Iron Deficiency

Iron Deficiency: What to Eat

Iron Deficiency: What to Eat

Iron deficiency occurs when the body does not have adequate iron to form red blood cells. In case the body fails to absorb sufficient iron from the food, it becomes deficient in the nutrient. 

However, it is only when the condition progresses to iron deficiency anemia that the symptoms begin to appear. This is a serious condition in which the body’s iron levels become extremely low that it is unable to form enough red blood cells to carry oxygen through the body. 

Some of the most common symptoms of anemia include fatigue, dizziness, weakness, headache, pale skin, and an inflamed tongue. If you are suffering from acute iron deficiency, you must focus on including iron-rich foods in your diet. Increasing the intake of the nutrient is the only way to fight any deficiency. 

In this article, we will look at some of the most popular iron-rich foods that can help you boost the iron levels in your body. 

Foods to Fight Iron Deficiency

Fortified Breakfast Cereals

This is one of the best sources of iron as most of them contain as much as 100% of the daily recommended intake of the nutrient. But make sure to carefully choose the cereal that you consume. It is best to avoid sugary and extremely colorful cereals. Typically, one cup of fortified cereal contains 18mg of iron. 


Chickpeas are one of the best plant-based sources of the nutrient. A type of legume, it offers about 3.7 mg of iron per cup, making it a great source. Besides, chickpeas are also an excellent source of protein. You can add them to your pasta dishes or puree them to create delicious homemade hummus. 

Cooked Oysters

For those suffering from iron deficiency anemia, consuming oysters is great to increase the nutrient levels in the body. As per USDA, five raw oysters contain 3.23 mg of iron. Alternatively, a 3-ounce serving of cooked oysters contains 7.82 mg of iron. Besides, these also contain zinc and vitamin B12, making them a good choice for boosting overall health.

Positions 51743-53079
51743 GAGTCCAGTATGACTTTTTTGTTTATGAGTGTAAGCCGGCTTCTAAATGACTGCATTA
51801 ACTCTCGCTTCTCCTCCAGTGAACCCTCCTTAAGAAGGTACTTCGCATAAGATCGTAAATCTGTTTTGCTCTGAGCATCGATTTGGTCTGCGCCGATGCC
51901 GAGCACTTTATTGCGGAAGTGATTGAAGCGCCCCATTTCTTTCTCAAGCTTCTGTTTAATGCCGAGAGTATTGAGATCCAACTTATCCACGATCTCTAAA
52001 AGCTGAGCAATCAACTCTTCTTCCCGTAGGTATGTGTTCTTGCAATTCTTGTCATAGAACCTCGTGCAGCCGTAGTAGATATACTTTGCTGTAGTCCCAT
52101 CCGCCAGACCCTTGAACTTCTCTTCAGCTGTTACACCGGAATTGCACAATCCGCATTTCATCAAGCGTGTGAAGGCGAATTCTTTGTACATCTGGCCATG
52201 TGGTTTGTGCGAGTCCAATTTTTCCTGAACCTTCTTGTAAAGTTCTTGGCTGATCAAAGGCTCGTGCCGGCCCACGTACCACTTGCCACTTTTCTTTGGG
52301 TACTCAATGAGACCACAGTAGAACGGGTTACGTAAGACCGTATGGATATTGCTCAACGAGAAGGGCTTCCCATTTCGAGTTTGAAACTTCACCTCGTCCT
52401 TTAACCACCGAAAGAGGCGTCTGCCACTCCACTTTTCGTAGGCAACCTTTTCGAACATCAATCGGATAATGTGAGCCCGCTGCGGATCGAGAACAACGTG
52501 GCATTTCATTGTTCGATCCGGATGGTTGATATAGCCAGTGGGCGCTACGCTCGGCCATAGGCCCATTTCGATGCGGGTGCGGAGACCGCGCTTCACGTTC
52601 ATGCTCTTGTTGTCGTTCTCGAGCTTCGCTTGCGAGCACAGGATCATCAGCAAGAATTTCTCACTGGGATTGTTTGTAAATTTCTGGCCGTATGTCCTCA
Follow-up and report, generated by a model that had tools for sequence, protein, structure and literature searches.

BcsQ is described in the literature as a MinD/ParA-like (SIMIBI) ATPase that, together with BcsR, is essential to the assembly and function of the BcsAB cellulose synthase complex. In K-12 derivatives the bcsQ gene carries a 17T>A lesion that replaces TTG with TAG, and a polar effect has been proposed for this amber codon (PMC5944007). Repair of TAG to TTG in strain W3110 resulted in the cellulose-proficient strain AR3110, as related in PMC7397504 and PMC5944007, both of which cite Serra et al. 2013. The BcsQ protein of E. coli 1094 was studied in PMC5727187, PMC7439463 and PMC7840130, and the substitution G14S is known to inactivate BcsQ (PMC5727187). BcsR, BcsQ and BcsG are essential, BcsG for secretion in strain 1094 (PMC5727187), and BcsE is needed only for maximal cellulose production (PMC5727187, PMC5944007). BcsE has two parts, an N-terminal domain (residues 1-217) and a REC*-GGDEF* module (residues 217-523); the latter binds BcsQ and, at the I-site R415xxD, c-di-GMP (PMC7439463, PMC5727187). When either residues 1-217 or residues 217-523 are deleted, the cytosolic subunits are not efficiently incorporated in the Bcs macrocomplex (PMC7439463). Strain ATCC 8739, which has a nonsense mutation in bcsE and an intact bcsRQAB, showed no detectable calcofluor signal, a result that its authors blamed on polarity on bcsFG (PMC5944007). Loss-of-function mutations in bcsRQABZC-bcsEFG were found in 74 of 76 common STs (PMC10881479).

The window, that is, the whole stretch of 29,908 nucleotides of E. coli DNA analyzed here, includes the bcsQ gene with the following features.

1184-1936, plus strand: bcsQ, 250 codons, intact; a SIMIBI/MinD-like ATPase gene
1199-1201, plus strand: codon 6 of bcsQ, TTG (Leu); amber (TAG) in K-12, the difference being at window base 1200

White Beans

One cup of white beans provides 5.08mg of iron, making it a good source of the nutrient. Even canned beans help to reduce iron deficiency by offering 7.83 mg. However, these may sometimes contain preservatives so make sure to consume them in limited quantities. You can sprinkle white beans over your salad or add them to soup to enjoy its benefits. 

Organ Meats

Organ meats such as beef liver and giblets are very rich in iron. Approximately 100 grams of giblets contain about 6 mg of iron. And even beef liver comprises an impressive amount of the nutrient, containing 4.15 mg every 3-oz serving. So, adding them to your diet can help you achieve heme iron and reduce iron deficiency. 


Soybeans are ideal for people looking for non-heme, i.e. plant-based sources of iron. A type of legume, half-cup of soybeans provides 4.54 mg of iron. Besides, they are highly rich in other nutrients, offering various health benefits. You can sprinkle some dried soybeans into your salad or main dishes for an amazing texture. 


Half a cup of lentils contains about 6.25 mg of iron that is great. They are much like beans except that they cook more quickly. You can eat them every day to get the needed intake of nutrients in the body. 


Tofu is another popular ingredient of the vegetarian diet. It contains 4.14 mg of iron per every 3-oz serving. For vegetarians, including plant-based sources of iron such as tofu and soybeans is important to meet their daily iron requirements and prevent iron deficiency anemia.

Shellfish and Sardines

Fish such as shellfish and sardines are great sources of omega-3 fatty acids and proteins. Apart from being tasty, the two are also very rich in iron. About 100 grams of these scaly fish deliver approximately 3 mg of iron, making them a good source of the nutrient. Besides, shellfish is also rich in many other nutrients and increases HDL cholesterol levels in the blood. 

Wrapping Up

Iron is a significant nutrient that must be consumed regularly to prevent iron deficiency. You can also consult your doctor regarding the use of certain dietary supplements along with an iron-rich diet to keep the symptoms in check.

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